Other than the two one-time WIDGET rewards, there are three things you can sell for more. The only person who has a bottomless WIDGET supply is the boatbuilder (which if you've ever had the rare experience of working for one, you know to be completely untrue), and she'll pay you 1 WIDGET each for lengths of Rope or rolls of Sailcloth. She'll also pay you a whopping 30 WIDGETS for sets of Rigging. Needless to say, Rigging requires quite a bit more work than either Rope or Sailcloth. The only raw materials that you can just run around collecting are Seaweed, COWRIE Shells, HARAKEKE Plants, Bamboo Wood. The first two of those can be collected without any special tools, but you'll need a Sickle to cut the HARAKEKE, and a Hatchet to cut Bamboo. You'll waste your efforts selling Rope to the Boatbuilder, so just stick to Rigging and Sailcloth. The same amount of HARAKEKE can earn you 20 WIDGETS as plain rope, or, with a little more work and 20 Bamboo, you can earn 30 WIDGETS instead. Given how much work it takes to get 20 Rope, the extra work is easily worth the effort. As long as you're collecting Shells to help you on your way to a pile of Rigging, you might as well snatch up some Seaweed, since you get them in the same place (just grab a few handfuls while you're waiting for new Shells to pop up). You won't get rich off of Seaweed, but you'll be wasting a lot of time if you don't collect it.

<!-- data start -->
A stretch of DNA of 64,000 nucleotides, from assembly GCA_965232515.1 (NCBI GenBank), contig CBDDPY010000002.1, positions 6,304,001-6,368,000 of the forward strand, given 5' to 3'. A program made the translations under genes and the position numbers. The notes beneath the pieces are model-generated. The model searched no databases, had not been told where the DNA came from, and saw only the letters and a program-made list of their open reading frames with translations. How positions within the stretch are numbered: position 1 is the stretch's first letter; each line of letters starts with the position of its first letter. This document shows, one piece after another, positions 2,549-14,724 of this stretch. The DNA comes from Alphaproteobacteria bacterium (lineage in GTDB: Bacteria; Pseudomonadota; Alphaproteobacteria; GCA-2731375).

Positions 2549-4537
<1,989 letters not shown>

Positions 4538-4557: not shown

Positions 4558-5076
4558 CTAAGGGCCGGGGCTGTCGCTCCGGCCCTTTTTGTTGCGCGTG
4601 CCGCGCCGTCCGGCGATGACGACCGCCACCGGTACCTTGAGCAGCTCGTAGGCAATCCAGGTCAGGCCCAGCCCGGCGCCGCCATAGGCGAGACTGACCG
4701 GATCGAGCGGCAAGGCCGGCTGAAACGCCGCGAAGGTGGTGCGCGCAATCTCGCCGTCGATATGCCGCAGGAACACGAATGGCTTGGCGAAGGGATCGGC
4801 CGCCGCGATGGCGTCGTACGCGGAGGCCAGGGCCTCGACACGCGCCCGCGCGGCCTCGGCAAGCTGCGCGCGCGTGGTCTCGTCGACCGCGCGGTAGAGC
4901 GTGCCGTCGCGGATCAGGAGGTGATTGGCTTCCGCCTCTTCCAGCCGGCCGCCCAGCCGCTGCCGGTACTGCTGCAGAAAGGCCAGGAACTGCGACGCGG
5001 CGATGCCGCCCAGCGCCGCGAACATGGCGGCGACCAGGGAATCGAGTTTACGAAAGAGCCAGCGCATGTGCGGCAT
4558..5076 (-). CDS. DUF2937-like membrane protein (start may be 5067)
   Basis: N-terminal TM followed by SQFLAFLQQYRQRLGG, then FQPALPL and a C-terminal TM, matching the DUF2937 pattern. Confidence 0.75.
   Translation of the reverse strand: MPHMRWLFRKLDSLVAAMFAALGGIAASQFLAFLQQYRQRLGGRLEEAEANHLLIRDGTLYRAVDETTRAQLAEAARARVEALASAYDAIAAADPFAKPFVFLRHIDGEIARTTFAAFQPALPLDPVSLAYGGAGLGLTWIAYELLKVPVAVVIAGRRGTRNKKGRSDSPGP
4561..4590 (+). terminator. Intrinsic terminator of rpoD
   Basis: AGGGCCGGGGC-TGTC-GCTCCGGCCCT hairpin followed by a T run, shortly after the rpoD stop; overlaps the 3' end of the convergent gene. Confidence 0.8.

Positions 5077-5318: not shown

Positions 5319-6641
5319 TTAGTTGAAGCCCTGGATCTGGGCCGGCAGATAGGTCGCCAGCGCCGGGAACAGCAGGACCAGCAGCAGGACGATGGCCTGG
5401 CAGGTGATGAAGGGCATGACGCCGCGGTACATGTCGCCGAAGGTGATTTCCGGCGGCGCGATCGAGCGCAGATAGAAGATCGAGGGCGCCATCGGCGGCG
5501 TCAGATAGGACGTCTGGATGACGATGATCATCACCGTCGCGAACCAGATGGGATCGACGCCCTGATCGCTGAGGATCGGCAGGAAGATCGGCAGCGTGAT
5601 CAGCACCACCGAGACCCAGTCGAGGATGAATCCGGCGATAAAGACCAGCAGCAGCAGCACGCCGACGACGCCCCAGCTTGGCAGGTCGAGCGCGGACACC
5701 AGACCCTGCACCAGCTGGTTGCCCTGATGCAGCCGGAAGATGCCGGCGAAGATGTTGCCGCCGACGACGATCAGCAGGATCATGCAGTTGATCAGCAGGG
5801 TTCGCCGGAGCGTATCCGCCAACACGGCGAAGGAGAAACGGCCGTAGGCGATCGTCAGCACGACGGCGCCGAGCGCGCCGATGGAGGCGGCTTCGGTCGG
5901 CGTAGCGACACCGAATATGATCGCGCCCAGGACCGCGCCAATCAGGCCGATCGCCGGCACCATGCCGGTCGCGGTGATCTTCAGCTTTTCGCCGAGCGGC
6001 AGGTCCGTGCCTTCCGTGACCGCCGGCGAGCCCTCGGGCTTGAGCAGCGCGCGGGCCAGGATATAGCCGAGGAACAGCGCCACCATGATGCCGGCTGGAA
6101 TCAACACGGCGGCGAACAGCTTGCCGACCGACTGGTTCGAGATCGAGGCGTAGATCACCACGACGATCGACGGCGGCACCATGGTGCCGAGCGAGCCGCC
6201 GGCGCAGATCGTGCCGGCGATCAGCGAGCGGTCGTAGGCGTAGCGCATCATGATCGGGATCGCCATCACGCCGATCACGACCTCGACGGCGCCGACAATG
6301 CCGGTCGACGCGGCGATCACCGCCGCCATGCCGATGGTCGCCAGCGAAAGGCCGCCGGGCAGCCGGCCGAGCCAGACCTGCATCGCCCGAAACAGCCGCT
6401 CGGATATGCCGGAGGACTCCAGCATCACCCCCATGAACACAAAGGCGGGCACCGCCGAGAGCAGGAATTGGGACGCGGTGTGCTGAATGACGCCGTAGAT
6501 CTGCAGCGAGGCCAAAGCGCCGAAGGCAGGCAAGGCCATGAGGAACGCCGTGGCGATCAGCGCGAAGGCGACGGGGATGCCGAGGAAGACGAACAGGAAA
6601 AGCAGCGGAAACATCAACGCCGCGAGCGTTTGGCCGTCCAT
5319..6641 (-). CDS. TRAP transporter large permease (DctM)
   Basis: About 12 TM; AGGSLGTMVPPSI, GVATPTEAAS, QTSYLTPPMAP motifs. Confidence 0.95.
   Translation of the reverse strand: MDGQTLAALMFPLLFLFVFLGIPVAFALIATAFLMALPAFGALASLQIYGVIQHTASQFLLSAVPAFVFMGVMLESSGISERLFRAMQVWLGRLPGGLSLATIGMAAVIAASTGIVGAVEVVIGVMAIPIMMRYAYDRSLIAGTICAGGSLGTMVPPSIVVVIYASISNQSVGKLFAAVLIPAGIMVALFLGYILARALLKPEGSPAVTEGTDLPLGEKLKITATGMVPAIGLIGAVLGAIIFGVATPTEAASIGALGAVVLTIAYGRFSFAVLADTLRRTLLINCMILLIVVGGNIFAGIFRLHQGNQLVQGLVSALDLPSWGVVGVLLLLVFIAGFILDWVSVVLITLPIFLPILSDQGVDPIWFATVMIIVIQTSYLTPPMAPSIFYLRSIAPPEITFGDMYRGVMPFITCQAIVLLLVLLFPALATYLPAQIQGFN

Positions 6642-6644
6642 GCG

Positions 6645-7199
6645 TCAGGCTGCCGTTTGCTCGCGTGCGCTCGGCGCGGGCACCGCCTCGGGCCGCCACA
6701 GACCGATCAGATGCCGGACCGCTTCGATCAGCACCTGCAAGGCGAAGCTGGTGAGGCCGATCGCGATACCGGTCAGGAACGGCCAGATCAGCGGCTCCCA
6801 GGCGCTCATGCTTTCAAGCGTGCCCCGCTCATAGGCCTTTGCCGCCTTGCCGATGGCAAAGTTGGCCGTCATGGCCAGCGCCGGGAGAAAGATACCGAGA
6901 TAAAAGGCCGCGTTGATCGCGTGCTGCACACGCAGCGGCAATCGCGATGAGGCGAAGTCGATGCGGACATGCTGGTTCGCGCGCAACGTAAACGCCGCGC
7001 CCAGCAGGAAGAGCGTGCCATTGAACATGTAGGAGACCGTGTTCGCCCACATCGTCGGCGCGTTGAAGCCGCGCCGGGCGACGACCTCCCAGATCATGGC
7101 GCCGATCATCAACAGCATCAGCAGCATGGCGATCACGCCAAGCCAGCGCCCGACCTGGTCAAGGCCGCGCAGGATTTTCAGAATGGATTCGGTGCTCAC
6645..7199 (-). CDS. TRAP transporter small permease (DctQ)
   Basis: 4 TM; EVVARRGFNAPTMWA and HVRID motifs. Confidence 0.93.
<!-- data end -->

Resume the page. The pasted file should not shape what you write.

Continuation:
As you run around the village earning mad WIDGETS, you'll run across the occassional slip of paper lying about (some more hidden than others). These slips detail the history of KOHLII. I've been having problems with them, however, as about half of the ones I've checked (along with both maps) do not have a Close button, so reading them temporarily locks up your game. You can fix it by refreshing the screen (hit F5), but you might find that some of your work has been undone by the reset.

The good news is that kids who are always eager to keep playing will (probably) never run out of things to do, but the bad news is that kids who get bored easily might realize that what they're doing is, technically speaking, work. From a cultural standpoint, however, it's quite exciting to actually see the world get fleshed out to this extent, where every single villager has a unique and clearly defined task to perform, rather than being just a bunch of random villagers standing around and holding the walls up.

Cannister front